I wrap up by drawing your attention to a lovely tribute and obituary for our colleague Lisa Goddard, former Director of IRI who passed away last week after a long battle with cancer.  Her service was on Tuesday and she was laid to rest in Valhalla, NY, a fitting spot for a hero and warrior who used science to better the lives of the underserved around the world.  May she rest in peace. 

Best, Mo 







Christian Science Monitor 

January 17, 2022 

Quotes Lamont student Caroline Juang and Ben Mylius of the Columbia Climate Imaginations Network. 



January 18, 2022 

The imagery and data collected from the eruption has been “spectacular” and has presented scientists with an exciting opportunity, says Vicki Ferrini, a marine geophysicist at Columbia University in New York City. But she adds that she and others remain deeply concerned for the people of Tonga, particularly given the absence so far of detailed information on the scale of the disaster. 


January 17, 2022 

"This is a possibility, for sure," commented Dr Vicki Ferrini from Columbia University's Lamont-Doherty Earth Observatory.  "In data we collected in 2016, you could see a lot of big solidified chunks that looked like they had slid down the side of the volcano in the past. So, with an explosion of this size, you certainly wouldn't be surprised if further large sections of consolidated material had moved.  "The good thing is we have the baseline data to make a comparison when we go back in, but only when it's safe."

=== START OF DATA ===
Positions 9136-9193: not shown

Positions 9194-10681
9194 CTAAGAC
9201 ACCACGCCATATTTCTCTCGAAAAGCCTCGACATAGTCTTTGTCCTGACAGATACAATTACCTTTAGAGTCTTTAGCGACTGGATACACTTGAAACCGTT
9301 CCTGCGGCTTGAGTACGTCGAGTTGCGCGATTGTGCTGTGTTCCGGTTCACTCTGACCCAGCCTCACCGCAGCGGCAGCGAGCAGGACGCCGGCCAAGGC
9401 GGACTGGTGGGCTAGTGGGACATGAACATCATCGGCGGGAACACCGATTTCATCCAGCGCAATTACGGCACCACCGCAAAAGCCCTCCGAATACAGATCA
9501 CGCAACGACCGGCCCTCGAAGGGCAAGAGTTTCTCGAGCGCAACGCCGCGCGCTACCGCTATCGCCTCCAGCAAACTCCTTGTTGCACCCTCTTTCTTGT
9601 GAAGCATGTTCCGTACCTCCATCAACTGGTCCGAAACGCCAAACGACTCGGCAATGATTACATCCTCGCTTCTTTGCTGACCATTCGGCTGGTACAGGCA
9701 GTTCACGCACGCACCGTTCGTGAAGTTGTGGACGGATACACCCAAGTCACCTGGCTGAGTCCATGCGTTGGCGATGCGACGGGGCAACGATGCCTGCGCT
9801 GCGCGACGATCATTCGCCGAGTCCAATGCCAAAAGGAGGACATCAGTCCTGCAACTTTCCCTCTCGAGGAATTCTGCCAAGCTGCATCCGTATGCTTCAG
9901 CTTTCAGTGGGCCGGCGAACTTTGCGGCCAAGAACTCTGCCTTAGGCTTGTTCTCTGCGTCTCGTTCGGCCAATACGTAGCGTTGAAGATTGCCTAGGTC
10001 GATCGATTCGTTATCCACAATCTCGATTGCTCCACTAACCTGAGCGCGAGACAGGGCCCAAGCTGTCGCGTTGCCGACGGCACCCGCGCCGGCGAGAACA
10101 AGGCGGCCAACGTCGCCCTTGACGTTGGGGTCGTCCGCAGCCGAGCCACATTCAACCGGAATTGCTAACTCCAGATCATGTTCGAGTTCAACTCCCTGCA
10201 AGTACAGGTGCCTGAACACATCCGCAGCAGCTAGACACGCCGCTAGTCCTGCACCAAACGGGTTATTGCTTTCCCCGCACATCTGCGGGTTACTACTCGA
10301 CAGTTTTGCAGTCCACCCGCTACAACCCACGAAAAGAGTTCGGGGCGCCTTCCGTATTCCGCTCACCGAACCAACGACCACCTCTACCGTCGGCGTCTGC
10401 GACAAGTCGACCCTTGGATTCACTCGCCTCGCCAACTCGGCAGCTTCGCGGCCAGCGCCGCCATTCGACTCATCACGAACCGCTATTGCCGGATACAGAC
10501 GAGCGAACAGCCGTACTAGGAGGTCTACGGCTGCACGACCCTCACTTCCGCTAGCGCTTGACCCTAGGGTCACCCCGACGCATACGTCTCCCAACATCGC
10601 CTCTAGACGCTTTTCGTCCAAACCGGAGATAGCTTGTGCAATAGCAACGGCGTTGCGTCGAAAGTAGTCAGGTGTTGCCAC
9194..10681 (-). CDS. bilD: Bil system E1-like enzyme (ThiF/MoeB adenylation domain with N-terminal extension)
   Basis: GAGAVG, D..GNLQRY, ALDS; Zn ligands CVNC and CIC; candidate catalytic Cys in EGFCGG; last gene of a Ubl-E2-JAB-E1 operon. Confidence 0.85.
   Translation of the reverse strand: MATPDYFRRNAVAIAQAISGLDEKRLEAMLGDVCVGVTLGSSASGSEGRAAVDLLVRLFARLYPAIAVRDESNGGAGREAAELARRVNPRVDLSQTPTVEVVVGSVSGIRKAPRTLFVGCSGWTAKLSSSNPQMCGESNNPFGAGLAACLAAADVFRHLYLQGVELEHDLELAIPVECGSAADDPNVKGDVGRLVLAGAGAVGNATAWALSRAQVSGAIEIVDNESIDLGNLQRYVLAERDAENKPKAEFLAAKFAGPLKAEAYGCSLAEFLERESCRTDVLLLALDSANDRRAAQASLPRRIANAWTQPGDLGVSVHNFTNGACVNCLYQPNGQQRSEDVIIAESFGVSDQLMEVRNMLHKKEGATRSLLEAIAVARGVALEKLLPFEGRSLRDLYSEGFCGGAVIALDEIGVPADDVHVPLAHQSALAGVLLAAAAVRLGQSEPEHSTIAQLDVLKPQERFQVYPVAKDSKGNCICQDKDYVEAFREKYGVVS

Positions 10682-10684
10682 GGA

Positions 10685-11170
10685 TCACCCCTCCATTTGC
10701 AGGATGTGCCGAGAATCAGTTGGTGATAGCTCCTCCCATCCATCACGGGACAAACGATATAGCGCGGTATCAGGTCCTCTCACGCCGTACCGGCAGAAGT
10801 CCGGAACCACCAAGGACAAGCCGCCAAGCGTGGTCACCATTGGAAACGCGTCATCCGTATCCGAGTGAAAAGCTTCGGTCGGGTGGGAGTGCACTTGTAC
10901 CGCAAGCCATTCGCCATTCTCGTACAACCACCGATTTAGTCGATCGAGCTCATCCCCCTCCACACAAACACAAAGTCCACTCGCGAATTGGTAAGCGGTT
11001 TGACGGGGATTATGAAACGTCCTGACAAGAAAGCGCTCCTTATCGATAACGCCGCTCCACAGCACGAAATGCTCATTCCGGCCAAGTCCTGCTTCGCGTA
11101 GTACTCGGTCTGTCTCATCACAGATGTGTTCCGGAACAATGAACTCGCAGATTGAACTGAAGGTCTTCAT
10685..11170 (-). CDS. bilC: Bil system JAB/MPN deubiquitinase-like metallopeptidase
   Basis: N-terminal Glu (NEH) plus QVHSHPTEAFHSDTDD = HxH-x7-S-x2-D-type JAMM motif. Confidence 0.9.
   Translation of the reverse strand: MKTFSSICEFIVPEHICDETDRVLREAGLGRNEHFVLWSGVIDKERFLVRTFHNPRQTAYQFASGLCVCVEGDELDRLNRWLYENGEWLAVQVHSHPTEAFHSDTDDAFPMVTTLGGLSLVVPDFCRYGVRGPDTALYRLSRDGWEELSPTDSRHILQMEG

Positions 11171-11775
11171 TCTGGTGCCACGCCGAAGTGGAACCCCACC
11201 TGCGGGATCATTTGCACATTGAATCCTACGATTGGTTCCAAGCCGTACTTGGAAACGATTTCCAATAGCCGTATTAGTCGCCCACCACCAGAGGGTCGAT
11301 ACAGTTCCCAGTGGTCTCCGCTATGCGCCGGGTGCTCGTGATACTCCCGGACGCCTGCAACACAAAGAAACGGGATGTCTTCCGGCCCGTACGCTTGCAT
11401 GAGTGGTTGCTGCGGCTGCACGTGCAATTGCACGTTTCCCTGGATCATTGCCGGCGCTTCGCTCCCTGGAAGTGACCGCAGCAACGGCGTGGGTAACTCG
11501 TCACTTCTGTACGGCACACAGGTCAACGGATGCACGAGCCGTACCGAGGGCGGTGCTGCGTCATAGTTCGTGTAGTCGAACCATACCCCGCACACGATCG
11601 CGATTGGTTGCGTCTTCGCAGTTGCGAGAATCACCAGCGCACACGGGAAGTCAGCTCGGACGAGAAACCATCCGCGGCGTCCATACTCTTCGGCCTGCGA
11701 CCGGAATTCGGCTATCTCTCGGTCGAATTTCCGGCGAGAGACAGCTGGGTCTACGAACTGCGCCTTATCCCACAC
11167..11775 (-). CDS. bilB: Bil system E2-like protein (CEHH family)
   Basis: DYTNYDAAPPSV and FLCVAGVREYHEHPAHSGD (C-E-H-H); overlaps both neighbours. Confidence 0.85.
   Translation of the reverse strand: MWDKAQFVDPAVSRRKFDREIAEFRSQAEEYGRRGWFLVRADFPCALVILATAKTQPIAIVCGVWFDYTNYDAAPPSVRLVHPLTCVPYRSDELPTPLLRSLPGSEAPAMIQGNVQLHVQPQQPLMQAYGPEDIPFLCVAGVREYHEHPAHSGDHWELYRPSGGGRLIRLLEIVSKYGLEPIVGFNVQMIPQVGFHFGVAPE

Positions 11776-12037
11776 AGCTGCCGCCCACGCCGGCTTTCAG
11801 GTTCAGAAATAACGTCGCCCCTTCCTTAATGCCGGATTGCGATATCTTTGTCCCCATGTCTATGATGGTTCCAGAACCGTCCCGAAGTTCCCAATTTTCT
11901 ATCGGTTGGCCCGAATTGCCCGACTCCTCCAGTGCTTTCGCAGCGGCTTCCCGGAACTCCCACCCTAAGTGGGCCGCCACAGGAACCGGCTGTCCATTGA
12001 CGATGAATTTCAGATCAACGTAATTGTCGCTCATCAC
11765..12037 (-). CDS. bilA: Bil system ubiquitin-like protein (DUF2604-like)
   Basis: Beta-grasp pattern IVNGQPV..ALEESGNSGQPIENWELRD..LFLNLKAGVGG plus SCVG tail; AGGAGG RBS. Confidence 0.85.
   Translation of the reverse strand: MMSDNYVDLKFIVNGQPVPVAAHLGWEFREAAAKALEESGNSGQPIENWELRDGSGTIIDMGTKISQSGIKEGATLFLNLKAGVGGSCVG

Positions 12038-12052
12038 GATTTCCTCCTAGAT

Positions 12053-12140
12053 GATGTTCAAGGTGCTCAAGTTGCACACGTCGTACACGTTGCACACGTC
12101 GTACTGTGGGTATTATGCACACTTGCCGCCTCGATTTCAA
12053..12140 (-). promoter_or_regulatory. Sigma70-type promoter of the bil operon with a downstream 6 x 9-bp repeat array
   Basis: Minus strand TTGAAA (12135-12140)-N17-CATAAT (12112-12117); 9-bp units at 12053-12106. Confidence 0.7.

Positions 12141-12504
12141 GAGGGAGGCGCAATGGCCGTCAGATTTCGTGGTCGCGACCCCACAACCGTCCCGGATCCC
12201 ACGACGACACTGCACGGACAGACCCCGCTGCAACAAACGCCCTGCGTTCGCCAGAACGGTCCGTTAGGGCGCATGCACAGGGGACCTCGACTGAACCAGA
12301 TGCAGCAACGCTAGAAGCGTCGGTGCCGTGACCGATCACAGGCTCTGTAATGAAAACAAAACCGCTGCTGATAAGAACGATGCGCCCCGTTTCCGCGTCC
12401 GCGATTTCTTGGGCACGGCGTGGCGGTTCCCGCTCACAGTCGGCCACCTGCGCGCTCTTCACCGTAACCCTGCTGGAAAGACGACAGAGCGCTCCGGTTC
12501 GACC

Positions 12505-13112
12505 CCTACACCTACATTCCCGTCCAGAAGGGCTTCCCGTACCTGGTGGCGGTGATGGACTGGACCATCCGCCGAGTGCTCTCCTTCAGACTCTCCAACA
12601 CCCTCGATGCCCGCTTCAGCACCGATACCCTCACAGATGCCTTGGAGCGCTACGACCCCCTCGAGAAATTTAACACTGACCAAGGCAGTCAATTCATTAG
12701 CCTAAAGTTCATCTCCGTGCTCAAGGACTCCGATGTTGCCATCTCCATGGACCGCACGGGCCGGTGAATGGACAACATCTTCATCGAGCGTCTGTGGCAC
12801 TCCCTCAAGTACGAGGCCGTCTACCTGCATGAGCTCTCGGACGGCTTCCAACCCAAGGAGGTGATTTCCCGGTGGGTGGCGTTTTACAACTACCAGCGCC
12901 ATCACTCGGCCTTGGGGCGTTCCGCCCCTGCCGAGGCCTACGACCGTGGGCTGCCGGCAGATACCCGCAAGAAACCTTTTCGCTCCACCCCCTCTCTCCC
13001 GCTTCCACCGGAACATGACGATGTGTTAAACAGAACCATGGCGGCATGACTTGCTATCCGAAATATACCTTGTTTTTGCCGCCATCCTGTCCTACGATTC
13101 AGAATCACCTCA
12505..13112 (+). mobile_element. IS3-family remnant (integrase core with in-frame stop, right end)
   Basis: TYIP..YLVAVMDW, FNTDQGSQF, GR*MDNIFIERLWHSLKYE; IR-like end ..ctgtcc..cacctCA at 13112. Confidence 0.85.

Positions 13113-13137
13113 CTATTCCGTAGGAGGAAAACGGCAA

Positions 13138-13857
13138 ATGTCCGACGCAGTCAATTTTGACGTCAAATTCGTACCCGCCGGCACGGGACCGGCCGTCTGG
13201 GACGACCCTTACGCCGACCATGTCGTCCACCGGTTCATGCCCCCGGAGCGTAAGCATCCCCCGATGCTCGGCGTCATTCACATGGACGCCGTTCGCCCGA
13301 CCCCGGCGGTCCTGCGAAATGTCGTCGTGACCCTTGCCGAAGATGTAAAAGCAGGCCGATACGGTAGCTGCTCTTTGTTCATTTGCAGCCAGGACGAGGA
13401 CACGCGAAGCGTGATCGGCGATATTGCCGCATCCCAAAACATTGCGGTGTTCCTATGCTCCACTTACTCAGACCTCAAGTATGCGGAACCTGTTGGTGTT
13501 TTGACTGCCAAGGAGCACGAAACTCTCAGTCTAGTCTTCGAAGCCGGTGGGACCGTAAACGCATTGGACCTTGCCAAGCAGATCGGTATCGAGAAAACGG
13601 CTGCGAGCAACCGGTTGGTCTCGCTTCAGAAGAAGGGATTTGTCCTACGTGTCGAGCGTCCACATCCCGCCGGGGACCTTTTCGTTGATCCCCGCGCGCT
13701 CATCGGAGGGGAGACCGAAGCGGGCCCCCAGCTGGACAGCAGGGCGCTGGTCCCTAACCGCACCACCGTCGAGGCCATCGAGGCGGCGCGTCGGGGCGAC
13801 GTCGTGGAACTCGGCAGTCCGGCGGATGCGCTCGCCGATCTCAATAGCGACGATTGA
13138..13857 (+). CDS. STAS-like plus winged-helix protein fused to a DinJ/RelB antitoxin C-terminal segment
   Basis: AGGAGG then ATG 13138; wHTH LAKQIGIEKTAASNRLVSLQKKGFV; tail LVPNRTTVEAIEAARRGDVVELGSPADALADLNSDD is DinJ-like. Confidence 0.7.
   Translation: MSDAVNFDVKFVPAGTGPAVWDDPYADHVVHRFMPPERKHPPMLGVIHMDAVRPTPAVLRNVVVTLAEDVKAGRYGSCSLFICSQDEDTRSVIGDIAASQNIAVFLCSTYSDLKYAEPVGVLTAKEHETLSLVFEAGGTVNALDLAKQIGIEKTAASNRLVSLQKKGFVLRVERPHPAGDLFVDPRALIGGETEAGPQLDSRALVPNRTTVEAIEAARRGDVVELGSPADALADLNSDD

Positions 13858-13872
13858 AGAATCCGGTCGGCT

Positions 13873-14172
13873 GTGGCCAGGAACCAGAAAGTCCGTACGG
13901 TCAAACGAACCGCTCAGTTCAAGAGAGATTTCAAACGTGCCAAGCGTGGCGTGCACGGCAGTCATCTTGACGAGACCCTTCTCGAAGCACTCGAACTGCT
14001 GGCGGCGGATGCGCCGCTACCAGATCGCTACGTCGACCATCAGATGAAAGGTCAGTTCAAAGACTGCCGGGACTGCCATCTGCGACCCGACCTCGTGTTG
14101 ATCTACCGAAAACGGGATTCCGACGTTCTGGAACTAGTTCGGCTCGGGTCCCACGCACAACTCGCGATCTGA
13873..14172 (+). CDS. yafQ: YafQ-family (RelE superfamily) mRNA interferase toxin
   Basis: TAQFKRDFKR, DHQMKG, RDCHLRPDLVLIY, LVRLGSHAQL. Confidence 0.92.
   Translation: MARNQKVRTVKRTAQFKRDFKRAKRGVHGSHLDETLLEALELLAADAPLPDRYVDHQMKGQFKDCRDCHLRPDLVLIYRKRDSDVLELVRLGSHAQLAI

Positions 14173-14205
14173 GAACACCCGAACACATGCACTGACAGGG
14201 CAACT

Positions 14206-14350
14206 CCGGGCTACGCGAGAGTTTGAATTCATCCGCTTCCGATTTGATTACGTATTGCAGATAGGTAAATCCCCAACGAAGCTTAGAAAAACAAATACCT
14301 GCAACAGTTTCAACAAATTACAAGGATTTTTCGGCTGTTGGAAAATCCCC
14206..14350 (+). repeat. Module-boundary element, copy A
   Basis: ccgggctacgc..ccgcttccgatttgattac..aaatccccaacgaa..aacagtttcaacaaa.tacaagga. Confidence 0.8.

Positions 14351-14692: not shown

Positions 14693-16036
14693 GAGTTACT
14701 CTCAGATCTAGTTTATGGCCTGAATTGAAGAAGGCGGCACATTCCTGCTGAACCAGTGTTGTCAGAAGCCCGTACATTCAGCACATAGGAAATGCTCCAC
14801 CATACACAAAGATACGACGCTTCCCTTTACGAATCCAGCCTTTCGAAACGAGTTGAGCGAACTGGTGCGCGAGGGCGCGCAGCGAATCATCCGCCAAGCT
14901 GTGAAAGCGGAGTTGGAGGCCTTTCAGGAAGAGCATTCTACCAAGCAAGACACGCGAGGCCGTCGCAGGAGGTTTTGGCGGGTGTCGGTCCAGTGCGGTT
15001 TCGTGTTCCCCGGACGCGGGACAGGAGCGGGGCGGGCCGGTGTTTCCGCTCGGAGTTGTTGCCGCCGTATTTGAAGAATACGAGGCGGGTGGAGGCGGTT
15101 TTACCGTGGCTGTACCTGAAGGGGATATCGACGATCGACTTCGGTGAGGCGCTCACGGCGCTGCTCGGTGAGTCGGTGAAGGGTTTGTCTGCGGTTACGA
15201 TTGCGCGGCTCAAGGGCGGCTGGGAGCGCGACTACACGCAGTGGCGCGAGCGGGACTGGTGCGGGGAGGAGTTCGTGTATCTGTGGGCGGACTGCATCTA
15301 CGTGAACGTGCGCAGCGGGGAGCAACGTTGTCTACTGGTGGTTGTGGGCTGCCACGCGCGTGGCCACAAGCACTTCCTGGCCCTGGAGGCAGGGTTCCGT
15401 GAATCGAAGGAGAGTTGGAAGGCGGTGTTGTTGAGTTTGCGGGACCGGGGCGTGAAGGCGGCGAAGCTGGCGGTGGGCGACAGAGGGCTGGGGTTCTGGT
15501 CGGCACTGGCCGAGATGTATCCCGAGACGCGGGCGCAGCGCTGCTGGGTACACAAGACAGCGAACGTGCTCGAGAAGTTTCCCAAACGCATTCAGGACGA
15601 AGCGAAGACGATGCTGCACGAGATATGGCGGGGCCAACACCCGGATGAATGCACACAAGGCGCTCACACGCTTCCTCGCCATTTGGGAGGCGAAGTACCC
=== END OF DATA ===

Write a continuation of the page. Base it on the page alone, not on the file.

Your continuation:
Columbia Magazine – 

January 14, 2022 

Cites/quotes Wally Broecker, Radley Horton, Adam Sobel, Marco Tedesco, Lamont-Doherty; Columbia Climate School and Alex Halliday, Maureen Raymo, Ruth DeFries, Jason Bordoff; Christian Braneon, Cynthia Rosenzweig, GISS; Geoffrey Heal, Wolfram Schlenker, Earth Institute; John Furlow, IRI; Alex DeSherbinin, CIESIN. 


Columbia Magazine  

January 14, 2022 

By Kevin Krajick, Earth Institute/Columbia Climate School. 




January 20, 2022 

Researchers studying earthquake hazards in the Caribbean faced several challenges at sea, from rough weather to equipment failures. 


By Guest Blogger 

January 19, 2022 

Motion along these faults is associated with the 1907 Kingston earthquake, which shook the capital of the island with a magnitude of 6.2 


By Michael Steckler 

January 18, 2022 

For the last week of our trip, we traveled by boat to reach the sites where we are measuring subsidence in the Sundarban Mangrove Forest and nearby embanked islands. 


By Michael Steckler 

January 13, 2022 

We continued to service our GNSS and RSET-MH equipment measuring land subsidence in coastal Bangladesh. Long distances, poor roads and slow ferries made for very long days, but we were able to complete the work at the sites. 


By Marie DeNoia Aronsohn 

January 13, 2022 

Although his parents wanted him to become an electrical engineer, Tedesco felt drawn to a life of research. Then he fell in love with snow. Now he is among the most well-respected and quoted polar experts in the world. 


By Guest Blogger 

January 16, 2022 

Researchers are mapping the seafloor and subseafloor between Haiti and Jamaica, to evaluate the potential for earthquakes.